Paul Poiret is a leading French fashion designer during the first two decades of the 20th century. He is the creator of extravagant exotic looks and of the elegant columnar dresses, surprising his society with each new creation. The King of creativity and luxury, who made enormous progress in the Belle Époque of the Fashion style.
In 1906 the founder of the Ballet Russes, Serge Diaghilev, arranged an exhibition of the Russian Art. In 1909, under his leadership the Imperial Russian Ballet performed Cléopâtre with extraordinary costumes and sets created by Léon Bakst. The Ballet Russes held its performance in London during 1911, by which time the first Post Impressionist exhibition, organised in 1910 by the critic and painter Roger Fry, had created a furore and made had a major or strong influence on the London’s artistic world.
Poiret led the movement away from the full, complicated silhouettes of the early 1900s fashion towards a longer, leaner line. He was responsible for liberating women from the tyranny of corsets and he was the first designer to start to treat bright and strong colours with caution. He widely used pale and violet hues under the influence of a trend for orientalism. Bakst’s vivid designs and Poiret’s looser garments for the Ballet Russes had a great success by the audience.
Poiret opened his own house in 1903. He was the most extraordinary couturier in the years before the First World War. The fashion editors gave his exploits prominent coverage. With his fantastic imagination he created a lifestyle which enhanced his dressmaking activities.
Poiret ‘s wife, Denise Boulet, was his ideal kind of woman to create the garments for. Silhouettes were absolutely feminine, fancy and free cut. Poiret loved the exotic details and was influenced a lot by foreign fashion. He created the garden where he held his famous celebrations, including the notorious Thousand and Second Night in 1911, when all guests were required to come in exotic and fancy dresses.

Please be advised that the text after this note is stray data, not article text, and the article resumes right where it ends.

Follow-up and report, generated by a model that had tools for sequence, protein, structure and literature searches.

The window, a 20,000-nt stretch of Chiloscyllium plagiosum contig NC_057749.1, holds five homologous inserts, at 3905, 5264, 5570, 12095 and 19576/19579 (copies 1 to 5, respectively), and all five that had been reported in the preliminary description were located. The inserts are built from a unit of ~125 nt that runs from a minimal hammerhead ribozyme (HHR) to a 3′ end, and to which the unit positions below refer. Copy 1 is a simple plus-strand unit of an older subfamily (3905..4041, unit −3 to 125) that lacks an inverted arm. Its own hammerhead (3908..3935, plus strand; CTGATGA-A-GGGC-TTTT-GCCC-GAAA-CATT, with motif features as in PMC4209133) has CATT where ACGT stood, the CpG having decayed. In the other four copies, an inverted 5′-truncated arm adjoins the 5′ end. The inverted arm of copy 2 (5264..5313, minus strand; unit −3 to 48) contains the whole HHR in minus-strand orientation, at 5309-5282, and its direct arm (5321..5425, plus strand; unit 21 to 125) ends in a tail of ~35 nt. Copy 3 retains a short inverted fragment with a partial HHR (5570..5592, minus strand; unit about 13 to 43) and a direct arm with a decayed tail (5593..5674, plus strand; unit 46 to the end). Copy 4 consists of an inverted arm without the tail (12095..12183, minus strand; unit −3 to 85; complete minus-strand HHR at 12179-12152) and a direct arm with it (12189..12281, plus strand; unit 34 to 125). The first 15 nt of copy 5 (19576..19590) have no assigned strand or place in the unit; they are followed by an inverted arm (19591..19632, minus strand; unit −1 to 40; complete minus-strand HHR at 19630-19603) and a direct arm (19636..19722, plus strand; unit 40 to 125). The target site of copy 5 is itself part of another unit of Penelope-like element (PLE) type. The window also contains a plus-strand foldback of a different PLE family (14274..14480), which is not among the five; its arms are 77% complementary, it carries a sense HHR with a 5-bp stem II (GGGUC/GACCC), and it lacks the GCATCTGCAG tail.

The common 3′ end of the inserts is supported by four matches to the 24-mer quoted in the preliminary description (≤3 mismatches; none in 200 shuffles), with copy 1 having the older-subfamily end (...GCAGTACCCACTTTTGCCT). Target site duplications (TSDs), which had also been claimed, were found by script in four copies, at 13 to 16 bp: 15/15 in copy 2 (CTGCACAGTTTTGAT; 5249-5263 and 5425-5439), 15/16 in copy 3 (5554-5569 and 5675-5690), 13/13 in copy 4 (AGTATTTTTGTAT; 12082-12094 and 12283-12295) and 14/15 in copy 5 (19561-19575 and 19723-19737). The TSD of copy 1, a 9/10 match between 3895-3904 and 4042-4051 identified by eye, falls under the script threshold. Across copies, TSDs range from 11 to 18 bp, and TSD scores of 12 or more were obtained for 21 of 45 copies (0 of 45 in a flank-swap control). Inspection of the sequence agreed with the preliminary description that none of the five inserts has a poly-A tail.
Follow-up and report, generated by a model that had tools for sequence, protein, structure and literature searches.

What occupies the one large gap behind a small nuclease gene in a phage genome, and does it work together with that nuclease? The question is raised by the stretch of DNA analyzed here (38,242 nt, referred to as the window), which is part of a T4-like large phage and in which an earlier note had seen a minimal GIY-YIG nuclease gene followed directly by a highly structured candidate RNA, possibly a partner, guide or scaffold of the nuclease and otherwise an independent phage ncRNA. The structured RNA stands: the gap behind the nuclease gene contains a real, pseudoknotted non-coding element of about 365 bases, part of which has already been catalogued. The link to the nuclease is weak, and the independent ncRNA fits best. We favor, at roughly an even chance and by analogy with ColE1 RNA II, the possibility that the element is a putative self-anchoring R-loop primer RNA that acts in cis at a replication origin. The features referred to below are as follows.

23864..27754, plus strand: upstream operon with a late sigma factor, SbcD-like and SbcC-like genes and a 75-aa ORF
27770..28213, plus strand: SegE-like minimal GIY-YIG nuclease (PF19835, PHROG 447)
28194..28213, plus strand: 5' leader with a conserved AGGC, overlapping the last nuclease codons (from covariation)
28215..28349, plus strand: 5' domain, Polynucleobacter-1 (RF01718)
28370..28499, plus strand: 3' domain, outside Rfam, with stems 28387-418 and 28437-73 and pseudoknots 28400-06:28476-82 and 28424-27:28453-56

He was an absolute master of colour, fabrics and texture. His creativity was seen in combining the latest luxury materials with specific ethnological textiles. All this produced fascinating and exciting results. In eight years of work he opened a significant number of new venues for the profession.
Poiret’s success may be compared to those of Lucile, or in other words Lady Duff Gordon, who had established branches in London, New York and also, Paris in 1912. Nevertheless, her works were way less radical. She mounted no challenges and basically, she was only meeting the needs of her clients by producing elegant pieces of clothing.
In 1909-1914 a lot of women, even the most liberated, adopted that curious fashion, promoted by Poiret – the hobble skirt. It was his peculiar innovation, which did not allow the women to walk comfortably. When teamed with the large carwheel hats created by Lucile, the effect was promoted as fantastic. However, the look was lampooned and ignored.
It became clear that society’s codes became generally less rigid and that the Europeans revelled in succession of lively dances – many imported from the continent named America. Tango was one of the most influential ones. The world was obviously facing a new fashion era. By 1914, just before the outbreak of the war, the large hats of the Belle Epoque had been discarded and classic columnar silhouettes became narrow and old fashioned.